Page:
Thus, traditional fast food’s share in industry revenue has declined whilst revenue from premium and healthy categories has grown. The market research company noted “intense” competition amongst industry players, as traditional operators have fought for market share whilst new establishments offering healthier options have reduced demand for existing players.

Another factor is the rise of external competition, with supermarkets’ range pre-cooked meals competing with restaurants and cafes. Now, industry revenue is projected to grow at an annualised 0.5% over the five years through 2023-24, to $20.7 billion.

Aside from growing discretionary income and general health consciousness, IbisWorld says uniqueness and convenience are two notable sweet spots for healthy QSRs in order to differentiate themselves.

“With more healthy fast food establishments expected to enter the industry over the next five years, the ability to be different and unique in a highly saturated will be very advantageous,” IbisWorld senior industry analyst Bao Vuong explained.

“In terms of convenience, that is not a huge competitive factor right now in the healthy fast food space, as consumers are generally willing to wait for freshly prepared healthier foods, with products often more time-effective than home cooking. However, as more healthy fast food products flood the market, this will become a more important basis of competition.”

Widening distribution: essential or not?
Executives collectively share the importance of ensuring greater convenience for customers, with their respective brands already utilising or exploring different channels.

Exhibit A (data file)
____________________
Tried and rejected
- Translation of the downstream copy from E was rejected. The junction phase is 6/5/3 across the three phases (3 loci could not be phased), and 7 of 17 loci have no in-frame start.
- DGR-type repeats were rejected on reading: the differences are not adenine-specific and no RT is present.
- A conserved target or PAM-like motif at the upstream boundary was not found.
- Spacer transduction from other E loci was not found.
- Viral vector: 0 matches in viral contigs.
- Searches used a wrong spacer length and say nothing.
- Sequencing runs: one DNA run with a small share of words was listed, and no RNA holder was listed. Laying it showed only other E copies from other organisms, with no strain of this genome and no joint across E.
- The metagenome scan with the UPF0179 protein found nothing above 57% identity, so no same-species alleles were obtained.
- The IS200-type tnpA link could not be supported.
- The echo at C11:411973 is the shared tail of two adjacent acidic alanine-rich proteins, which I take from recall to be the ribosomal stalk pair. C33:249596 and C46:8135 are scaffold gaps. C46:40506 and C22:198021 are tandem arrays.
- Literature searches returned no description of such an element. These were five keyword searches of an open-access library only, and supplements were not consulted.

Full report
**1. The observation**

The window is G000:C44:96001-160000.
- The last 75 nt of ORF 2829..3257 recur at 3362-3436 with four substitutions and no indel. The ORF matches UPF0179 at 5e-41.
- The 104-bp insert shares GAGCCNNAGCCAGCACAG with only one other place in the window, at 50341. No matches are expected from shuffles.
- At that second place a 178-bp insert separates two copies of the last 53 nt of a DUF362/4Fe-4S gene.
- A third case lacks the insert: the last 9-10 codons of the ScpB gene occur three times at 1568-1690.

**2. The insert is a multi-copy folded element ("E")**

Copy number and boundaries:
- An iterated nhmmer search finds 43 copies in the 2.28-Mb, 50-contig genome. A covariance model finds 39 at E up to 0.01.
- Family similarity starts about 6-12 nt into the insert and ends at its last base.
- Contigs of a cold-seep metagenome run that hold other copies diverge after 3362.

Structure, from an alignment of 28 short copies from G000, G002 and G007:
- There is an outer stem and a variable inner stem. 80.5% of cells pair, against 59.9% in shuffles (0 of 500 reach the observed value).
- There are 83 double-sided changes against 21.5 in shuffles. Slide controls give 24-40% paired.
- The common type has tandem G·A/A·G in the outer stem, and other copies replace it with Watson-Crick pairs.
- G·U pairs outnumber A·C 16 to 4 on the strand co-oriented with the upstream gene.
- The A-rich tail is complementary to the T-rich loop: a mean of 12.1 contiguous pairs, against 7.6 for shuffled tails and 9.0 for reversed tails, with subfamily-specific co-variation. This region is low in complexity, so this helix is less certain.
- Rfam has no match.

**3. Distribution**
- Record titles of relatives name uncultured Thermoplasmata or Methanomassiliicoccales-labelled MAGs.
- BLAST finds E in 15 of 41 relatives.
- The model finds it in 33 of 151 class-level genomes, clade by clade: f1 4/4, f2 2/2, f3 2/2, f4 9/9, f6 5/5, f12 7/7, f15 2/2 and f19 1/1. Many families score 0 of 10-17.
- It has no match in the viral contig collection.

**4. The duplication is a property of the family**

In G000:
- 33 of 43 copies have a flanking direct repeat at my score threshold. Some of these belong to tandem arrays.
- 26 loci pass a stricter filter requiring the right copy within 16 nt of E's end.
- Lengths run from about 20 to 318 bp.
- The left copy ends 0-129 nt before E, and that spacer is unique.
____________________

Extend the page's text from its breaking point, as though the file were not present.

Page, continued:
“You’ll be seeing our brand continue to innovate around breakfast, lunch and dinner, collaborate and partner with brands that align with our values and widen our distribution into wholesale and other channels,” Mitchell said.

“Using both our online platforms and any existing unexploited cafe space, we have been trialling NU Retail products. Collecting data and customer feedback, we will look to develop our own branded products,” Haugh said.

Crisp, meanwhile, launched a new range that features ready-made snacks, salads, wraps and healthy tubs that are now available in five of their shops and in more than 20 independent supermarkets in Victoria.

“The inspiration for the Chomp by Crisp range came from the healthy QSR scene in the UK through the likes of Pret-a-Manger, EAT & Itsu. Interestingly, the best-selling item in the Chomp by Crisp range is 3 hard boiled free-range eggs in a tub – a true “real food” protein fix. The range reflects customer expectations that even snack foods on the run should be healthy,” Tolfree explained.

But are wholesale/multi-channel sales “must haves” for healthy chains in light of growing competition? Vuong says no.

“The appeal of a lot of these healthy chains would be freshness, whereas some consumers might see precooked meals as not that fresh. Whilst saying that, precooked meals could provide some healthy fast food operators a distinct advantage in the healthy fast food space when it comes to convenience,” he explained.

“In the end, it all really depends on the type of market you’re trying to appeal for when it comes to your products. Are you trying to target those consumers who are looking for freshness which might mean the food might take a bit more time to make or are you trying to target those time-poor consumers looking [for] a quick, healthy lunch?”